stories that wrestle with        life and its uncertainties, whether it’s a book like Lord of the Flies or Lord of
    the Rings. I love stories ranging from Tosca Lee’s Havah to Mitchell Bonds’s Hero, Second Class to James
    Lee Burke mysteries.

    Valerie: I understand you have compassion when it comes to the underdog and feel anguish by other people’
    s pain. But how do you relate to Eric Wilson’s struggles? How kindly are you toward your own feelings
    when life throws you a curveball and you don’t catch it? At least not the first time!

    Eric: I try to give myself a lot of grace because I need it so often. My main struggles come when I see
    others get hurt. I want to strike back at their attackers, come to the rescue. I’ve faced knives in a few
    different situations while standing up for women being abused, for example.

    Valerie: Your parents divorced when you were a young man, I’d assume pre-author age, and now you’ve
    been married almost twenty years. What have you done to ensure your marriage will survive?

    Eric: Selfishness is the ultimate infection in a relationship. Whether it’s financial, sexual, emotional, I can’t
    let my own self-seeking human nature override the call to love my wife as Christ loved the church—

    Valerie: And how would you answer this same question for your wife? What has she done to ensure your
    marriage will survive?

    Eric: I don’t usually answer questions for my wife because she definitely has her own thoughts and
    opinions. We’ve talked about this subject before, though, and we try to stay affectionate, to build each other
    up in front of others and not tear down with our words. We let each other start fresh each day. She’s a-ma-
    zing! She has to put up with a lot more than I do.

    Valerie: Well, I saw your wife’s MySpace and listened to the song “I Believe in Us” by Carolyn Rose. Your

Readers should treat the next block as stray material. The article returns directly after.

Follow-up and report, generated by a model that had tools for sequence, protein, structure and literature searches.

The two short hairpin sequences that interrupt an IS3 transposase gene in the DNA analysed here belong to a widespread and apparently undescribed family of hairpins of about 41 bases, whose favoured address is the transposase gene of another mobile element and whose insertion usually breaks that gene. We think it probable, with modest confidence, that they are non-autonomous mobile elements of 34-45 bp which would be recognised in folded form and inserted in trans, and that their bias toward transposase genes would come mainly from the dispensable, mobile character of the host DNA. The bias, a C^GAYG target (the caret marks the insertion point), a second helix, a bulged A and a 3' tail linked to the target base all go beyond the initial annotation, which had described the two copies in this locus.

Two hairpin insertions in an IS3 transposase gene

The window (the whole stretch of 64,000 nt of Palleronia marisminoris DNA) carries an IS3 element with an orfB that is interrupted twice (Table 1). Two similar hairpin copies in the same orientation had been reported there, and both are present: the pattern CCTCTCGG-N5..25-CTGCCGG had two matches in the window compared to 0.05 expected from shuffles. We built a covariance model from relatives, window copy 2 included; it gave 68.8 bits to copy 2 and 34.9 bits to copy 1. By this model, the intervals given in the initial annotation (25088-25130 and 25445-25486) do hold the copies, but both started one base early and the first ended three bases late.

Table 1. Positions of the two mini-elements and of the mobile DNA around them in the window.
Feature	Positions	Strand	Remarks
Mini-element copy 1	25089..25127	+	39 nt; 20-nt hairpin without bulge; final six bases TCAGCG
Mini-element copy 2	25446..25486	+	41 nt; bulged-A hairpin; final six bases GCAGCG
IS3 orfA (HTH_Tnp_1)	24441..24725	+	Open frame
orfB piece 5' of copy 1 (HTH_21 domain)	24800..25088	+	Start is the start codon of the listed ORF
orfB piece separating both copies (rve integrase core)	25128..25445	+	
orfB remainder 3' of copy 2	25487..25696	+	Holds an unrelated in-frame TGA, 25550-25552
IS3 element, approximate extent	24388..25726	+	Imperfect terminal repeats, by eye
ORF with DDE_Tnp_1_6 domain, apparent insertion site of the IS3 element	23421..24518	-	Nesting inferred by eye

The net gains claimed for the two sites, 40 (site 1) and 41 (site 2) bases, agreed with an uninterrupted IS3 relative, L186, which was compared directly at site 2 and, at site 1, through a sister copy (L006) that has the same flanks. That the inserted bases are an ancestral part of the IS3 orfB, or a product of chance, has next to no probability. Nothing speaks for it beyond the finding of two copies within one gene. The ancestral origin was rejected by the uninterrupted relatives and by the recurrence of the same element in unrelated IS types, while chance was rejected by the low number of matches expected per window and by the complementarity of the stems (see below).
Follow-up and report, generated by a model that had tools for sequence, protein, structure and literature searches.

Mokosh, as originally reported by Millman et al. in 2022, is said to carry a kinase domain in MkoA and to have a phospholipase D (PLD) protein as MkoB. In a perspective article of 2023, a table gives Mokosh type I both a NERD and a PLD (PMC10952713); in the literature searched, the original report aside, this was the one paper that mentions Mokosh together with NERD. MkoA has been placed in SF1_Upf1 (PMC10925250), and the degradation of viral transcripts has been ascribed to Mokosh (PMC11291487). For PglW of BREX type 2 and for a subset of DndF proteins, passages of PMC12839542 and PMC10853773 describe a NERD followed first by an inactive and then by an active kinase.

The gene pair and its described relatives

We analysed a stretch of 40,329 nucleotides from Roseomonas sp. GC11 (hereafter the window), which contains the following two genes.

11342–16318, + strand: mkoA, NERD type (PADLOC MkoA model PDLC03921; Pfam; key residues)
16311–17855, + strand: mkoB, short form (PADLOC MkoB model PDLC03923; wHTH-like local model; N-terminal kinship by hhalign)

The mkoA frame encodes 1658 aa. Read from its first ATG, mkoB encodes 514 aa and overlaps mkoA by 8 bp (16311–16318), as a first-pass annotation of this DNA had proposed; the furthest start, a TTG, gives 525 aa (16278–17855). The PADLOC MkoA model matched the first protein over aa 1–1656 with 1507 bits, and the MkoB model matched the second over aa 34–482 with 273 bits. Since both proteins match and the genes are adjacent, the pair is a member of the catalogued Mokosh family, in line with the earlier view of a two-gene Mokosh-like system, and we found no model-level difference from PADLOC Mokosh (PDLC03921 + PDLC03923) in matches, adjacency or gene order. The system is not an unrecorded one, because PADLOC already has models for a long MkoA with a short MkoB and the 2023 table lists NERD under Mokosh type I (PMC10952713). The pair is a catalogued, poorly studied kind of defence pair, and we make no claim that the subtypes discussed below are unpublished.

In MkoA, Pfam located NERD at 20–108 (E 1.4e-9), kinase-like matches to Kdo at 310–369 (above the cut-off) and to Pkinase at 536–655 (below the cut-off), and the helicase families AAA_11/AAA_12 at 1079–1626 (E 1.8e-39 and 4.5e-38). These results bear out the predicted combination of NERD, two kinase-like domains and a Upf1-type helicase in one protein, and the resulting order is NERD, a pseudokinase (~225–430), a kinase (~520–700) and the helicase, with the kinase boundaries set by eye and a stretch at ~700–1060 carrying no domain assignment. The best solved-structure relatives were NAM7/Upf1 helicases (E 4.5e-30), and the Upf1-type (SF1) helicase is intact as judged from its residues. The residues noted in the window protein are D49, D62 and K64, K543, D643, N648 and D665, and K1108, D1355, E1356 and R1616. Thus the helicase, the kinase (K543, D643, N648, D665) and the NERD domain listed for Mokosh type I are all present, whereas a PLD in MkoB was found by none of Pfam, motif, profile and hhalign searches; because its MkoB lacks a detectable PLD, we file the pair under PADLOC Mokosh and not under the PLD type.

wife is certainly talented and obviously in love! By the way, I loved the song. Did she write the lyrics and/or
    music, or did you?

    Eric: She wrote the music and lyrics, yes. She’s a doll, an absolutely sweet and fun-loving person. I’m a
    blessed man.

    Valerie: Umm . . . Is this why you live in Nashville, Tennessee? Home of Country Music!

    Eric: I’m not a country fan at all, but we did move to Nashville because of its strong creative community,
    both in music and publishing. We love it here.

    Valerie: You are blessed: proud husband and father. Are your daughters filled to the brim with all this
    creative talent, too?

    Eric: They’re creative, though not in the same ways as their parents, necessarily. One is very inventive with
    clothing, hair, artwork, and so on. The other loves to express herself through song. They are unique
    individuals and have been since birth. I love watching them become who they were created to be.

    Valerie: After seeing your novels come alive on the big screen, have you ever considered auditioning for a

    Eric: Actually, none of my novels have been brought to the big screen. If they were, I’d only want a fun
    little cameo somewhere. I’m not an actor, and I’m getting older by the minute. But hey, so is everyone
    reading this! I did get to write novels based on the original Kendrick Brothers screenplays, which was a lot
    of fun, but I had nothing to do with the films themselves.

    Valerie: Any wannabe actors, friends or family, think they would like to have a role if one of your books
    were made into a movie?

    Eric: My sister is an amazing actress. I wish she could have the chance to be in a movie someday. She’s
    beautiful but natural, and she has a great presence and poise. She’s not afraid to throw herself emotionally
    into a scene. Someday, Heidi. Someday.

    Valerie: You’re a busy man. You’re a multibook author and a member of the best-seller list. This August 11,
    2009, is the official release of Haunt of Jackals. You’ve been across the country for book signings and
    speaking engagements nonstop. What’s next?

    Eric: I’m working on new books with new questions of faith told through big concept stories. I have
    nonfiction ideas I want to explore. I’m also working on a YA (young adult) idea for the mainstream market.
    I’ve been writing a quarter million words a year for the past two years, and it looks like that could hold true
    again next year. In this economy, I’m just waiting to see which doors open.

    Valerie: Guess that’s true for all of us. You have been asked many things during your career, but is there any
    one item you would like to share with your fans? Something you haven’t been asked but think they would
    enjoy hearing about?

    Eric: My brother and I once hiked twelve miles through the snow and got lost in the lee of a mountain. We
    had such a great, scary, freezing, thrilling adventure. If we had died, I would’ve wanted my tombstone to
    read: “Not all those who wander are lost”—JRR Tolkien.

    Valerie: Terrific! Thank you so much, Eric.

Eric Wilson